Fast fashion is everywhere and surrounds us without us giving it much thought. As a person who used to very much enjoy purchasing fast fashion items, I was constantly on the lookout for the new HM, Zara, PLT sales and tried to buy as many clothes possible for the littlest amount of money possible. I knew the clothes’ quality isn’t that good and it didn’t bother me that they don’t last long – after all, I hadn’t spent that much money on them – so why should I care?
How it started
That was until recently, when I was scrolling through my YouTube feed and came across this girl’s video about fast fashion, how brands constantly make us spend more and how without realising, we’ve got this need of having to buy clothes all the time so deeply rooted in us that we’re completely unaware of it. I watched it and I felt bad. Bad because I knew I’m one of those people to nonstop buy cheap items. Not only that but there have been so many times when I have bought something for £4-5, received it, it didn’t fit me well and I just threw it away, instead of donating it, for example. As the video was going deeper and deeper into the topic, I felt shame. You might not know, as I didn’t, that fast fashion has a terrible environmental, economic and social impact. Every second, one truck full of clothes is sent to landfill or burned. That is 82,782,000,000 kilograms of clothing EVERY year.
The demand for clothes has been growing for the last 15 years, not only because of obvious factors, such as the population growth but because we have developed this culture of demanding cheap clothes, buying them and not wearing them more than a few times, without thinking about the consequences this action of ours has. The making a simple pair of jeans produces the same greenhouse emissions as driving a car for almost 130 km. In addition, disregarded clothes made of non-biodegradable fabrics can sit in landfills for over 200 years.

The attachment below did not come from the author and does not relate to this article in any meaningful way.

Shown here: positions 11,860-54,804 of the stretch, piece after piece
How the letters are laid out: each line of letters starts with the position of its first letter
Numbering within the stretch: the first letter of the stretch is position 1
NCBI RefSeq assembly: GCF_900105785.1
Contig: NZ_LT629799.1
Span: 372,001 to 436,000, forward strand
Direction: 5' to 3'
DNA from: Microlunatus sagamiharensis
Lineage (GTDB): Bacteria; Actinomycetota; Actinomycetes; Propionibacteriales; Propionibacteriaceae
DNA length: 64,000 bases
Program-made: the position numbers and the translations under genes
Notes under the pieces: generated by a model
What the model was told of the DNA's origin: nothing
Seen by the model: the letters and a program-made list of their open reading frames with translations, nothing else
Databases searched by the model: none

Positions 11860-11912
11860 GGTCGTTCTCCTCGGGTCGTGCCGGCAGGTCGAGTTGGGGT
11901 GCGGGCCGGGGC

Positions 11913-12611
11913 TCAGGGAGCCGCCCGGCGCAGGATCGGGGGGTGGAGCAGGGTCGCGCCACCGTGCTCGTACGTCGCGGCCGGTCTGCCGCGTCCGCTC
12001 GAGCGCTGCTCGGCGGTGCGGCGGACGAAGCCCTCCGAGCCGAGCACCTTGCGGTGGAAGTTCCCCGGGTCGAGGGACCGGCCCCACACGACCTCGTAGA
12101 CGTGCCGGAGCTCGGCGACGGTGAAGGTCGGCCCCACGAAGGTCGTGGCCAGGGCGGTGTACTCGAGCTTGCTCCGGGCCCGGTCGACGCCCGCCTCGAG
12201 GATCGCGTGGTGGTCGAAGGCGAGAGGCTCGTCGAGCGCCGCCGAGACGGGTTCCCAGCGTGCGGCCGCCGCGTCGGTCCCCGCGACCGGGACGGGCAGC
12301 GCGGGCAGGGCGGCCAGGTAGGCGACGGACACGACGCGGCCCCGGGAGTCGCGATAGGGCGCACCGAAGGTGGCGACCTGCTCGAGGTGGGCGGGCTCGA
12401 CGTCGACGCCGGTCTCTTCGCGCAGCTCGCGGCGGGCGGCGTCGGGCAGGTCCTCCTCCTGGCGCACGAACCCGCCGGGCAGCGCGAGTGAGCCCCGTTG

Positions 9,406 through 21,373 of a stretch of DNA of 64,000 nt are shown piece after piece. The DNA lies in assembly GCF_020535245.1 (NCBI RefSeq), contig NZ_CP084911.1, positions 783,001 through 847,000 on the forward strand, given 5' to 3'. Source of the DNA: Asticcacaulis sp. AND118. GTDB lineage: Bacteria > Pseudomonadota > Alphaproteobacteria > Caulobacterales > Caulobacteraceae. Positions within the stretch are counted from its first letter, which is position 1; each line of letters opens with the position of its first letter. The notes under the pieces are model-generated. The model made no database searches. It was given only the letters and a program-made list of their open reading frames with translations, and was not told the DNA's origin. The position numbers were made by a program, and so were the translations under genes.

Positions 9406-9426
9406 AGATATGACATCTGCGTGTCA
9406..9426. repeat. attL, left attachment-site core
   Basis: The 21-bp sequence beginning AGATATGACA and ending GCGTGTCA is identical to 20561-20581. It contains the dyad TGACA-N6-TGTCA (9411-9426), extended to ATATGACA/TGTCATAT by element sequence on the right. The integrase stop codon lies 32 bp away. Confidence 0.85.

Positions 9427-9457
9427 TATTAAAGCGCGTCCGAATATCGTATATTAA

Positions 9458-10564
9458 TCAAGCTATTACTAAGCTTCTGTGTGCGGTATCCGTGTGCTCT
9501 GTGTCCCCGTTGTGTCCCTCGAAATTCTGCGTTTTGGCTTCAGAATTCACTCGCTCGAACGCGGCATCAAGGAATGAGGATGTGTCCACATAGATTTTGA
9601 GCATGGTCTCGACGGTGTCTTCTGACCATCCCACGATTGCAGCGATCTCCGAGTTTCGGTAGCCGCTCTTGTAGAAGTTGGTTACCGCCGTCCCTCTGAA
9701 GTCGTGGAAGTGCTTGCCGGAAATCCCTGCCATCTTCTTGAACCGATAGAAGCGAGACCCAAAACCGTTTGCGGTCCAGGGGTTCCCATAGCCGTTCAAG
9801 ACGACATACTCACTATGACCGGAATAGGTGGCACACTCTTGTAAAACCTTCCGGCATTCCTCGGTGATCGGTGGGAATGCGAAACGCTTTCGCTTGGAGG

Whereas fast fashion culture is harmful enough on its own, there is a whole new social impact that it causes. For countries such as Bangladesh, Indonesia, China, India, Philippines and more, fast fashion has provided an opportunity for poorer people to earn some money. However, there are many reports stating that the conditions provided for those workers are beyond shocking, dangerous and unhealthy. In most of the cases, they’re paid way below minimum wage, hence why the clothes’ prices remain so low. But they have no other choice, as the demand for those clothes is growing and it is often their only way of earning some money, although their salaries could be as little as $96 per month.
What you can do
Although I should be the last person to be pointing fingers, I’m sure many of us can survive without buying super cheap clothing items. We can all try to unite and change the clothing industry, the same way that we’re dealing with the plastic pollution problem. Investing in your wardrobe and making sure you’re buying more expensive but longer lasting items could be very beneficial for both your pocket and the industry. Together, we should be able to fight and demand more fair treatment for all the people working for those clothing brands.
It’s never too late to start becoming more environmentally friendly! I hope my text made you feel something and inspired you to undertake an action, the same way that video inspired me. Thanks for reading it and as usual, don’t be too shy to share your thoughts with us below!
Featured Image Source: https://www.standard.co.uk/futurelondon/theplasticfreeproject/fast-fashion-plastic-tax-a4070241.html
I'm just a regular PR student who loves snowboarding and spending time with my friends :) Oh, and I also enjoy walks in the park and visiting museums.